My dad trained me to be raped, by minor and persistent infringements which he would not withdraw or desist in, no matter how I protested. He taught me saying No had no importance. I had no sovereignty over my body. For he would still cup my butt in his hand, rove his eye over my breast and comment on it. This started when I went into puberty and in later years the family made the excuse that he had done it to all of us: but not my brothers, no. Or, they said, he had always done it, as a mark of his harmless affection. But I remembered. It started when I grew hair and curves. It never happened when we were children.
I was – I am – spirited, and fought back. When I told him to stop he looked invariably surprised and injured. “Oh, but darling, it’s only a bit of fun.” He would say, “I’m only tormenting you, pet.” I tried carrying my breakfast into another room when he sprawled at the table with pubic hair showing through the loose fly of his pyjamas. I tried sewing up the fly of his pyjamas in a scarlet thread. Right into his seventies he used to call me and my mother “my two girlfriends.” No amount of rage on my part could ever get him to let this go. In my teens I tried again and again to talk to my mother, who kept insisting I had a ‘dirty mind.’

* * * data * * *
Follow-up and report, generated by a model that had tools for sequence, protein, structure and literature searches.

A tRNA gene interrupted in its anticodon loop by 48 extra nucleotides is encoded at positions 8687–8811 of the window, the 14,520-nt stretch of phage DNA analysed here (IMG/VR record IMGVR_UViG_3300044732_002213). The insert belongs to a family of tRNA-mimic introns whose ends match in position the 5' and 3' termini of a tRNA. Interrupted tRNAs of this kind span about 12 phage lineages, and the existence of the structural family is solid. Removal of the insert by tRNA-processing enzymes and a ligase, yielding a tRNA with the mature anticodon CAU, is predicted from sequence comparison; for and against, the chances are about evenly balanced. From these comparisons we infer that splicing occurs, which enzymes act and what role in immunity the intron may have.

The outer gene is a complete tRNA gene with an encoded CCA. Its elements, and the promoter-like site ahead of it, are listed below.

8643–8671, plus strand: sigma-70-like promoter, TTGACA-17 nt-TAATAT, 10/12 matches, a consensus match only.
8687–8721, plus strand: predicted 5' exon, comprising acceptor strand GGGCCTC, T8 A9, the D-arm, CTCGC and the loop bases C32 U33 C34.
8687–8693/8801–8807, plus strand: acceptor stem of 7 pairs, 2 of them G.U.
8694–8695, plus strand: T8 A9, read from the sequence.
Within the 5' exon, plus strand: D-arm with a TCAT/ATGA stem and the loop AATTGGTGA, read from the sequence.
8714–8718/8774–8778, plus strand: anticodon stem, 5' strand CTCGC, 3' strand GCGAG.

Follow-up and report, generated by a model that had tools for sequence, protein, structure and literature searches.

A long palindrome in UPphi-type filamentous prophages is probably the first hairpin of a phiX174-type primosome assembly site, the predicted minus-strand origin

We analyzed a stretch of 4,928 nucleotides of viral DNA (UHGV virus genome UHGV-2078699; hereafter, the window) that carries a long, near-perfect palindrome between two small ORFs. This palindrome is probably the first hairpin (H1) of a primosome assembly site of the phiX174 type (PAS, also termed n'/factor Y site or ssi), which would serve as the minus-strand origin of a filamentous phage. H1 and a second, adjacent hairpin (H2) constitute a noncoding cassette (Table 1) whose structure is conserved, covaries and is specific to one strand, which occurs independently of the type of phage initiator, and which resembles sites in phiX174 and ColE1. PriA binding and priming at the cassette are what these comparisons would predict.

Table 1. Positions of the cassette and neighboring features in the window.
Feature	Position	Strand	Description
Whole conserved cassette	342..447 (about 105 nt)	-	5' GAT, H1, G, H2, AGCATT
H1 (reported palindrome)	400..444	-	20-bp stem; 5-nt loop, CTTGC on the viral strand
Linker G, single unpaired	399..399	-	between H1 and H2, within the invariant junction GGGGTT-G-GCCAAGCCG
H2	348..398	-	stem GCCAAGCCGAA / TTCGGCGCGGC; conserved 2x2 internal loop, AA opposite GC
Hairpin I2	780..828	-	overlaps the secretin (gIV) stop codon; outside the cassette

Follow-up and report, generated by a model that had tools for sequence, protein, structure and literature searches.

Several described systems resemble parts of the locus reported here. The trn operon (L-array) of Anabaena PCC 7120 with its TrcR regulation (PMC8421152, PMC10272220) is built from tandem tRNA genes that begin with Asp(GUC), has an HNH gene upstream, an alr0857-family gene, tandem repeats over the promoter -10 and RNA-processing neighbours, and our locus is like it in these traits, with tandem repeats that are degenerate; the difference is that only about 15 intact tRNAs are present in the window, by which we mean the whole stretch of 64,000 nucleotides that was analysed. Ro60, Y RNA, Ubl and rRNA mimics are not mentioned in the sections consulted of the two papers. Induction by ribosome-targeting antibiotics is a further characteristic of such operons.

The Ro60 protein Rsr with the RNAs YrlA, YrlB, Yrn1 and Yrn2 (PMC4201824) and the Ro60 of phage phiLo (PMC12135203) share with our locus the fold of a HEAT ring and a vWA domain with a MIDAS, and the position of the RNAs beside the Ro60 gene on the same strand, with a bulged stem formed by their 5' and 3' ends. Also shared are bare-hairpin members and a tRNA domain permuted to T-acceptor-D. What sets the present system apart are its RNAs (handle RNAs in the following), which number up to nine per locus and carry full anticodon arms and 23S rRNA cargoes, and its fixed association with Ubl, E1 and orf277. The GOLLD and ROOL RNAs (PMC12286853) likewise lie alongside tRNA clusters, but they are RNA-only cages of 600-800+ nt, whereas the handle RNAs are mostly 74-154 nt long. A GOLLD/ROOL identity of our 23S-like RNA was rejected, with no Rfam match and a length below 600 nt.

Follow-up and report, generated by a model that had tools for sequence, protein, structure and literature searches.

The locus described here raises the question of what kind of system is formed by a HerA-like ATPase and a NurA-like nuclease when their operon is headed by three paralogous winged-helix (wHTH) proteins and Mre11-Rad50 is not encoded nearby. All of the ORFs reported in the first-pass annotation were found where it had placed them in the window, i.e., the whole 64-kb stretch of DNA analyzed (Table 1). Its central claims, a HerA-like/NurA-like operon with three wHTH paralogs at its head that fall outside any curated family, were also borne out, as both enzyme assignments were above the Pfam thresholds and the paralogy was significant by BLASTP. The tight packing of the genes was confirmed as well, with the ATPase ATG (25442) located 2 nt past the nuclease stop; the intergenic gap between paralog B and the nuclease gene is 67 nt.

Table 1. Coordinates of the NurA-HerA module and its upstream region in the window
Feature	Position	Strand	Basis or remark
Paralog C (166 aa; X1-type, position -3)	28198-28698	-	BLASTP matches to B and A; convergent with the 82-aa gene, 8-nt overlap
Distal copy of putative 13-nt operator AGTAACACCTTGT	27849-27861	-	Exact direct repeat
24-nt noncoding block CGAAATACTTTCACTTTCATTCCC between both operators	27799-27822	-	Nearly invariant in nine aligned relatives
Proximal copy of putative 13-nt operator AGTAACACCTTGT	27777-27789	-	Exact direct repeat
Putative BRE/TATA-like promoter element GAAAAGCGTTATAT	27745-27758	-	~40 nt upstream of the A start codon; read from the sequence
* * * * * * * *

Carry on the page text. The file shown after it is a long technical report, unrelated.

Dad used to come in at night to ‘say goodnight’ – always to me, never to the boys – and would fall asleep on my bed. When a boy at university when I was 17 started raping me regularly, these attentions from my father, creepily, stopped. It was like he had handed me over. After nearly a year I found the courage when this boy’s violence intensified to overcome the shame and tell my mother. I begged her not to tell Dad. They broke through the flimsy lock I had begged for on my bedroom door and beat the crap out of me. Calling me a slut and a tart. They stripped the sheets off me while I cowered. In the bed where I’d passed out from sexual pain so many times one held me down while the other walloped. Next day a neighbour my own age crept round, she had waited til Mum went out. Was I ok? she asked. She described how she had listened in agony, thinking she ought to call the police. She said, very quietly, “I thought they were going to kill you.”
For years afterwards every time my father visited he would bring with him stored up stories of women who, supposedly, had concocted malicious fictions about rape as a way of destroying the careers of blameless men.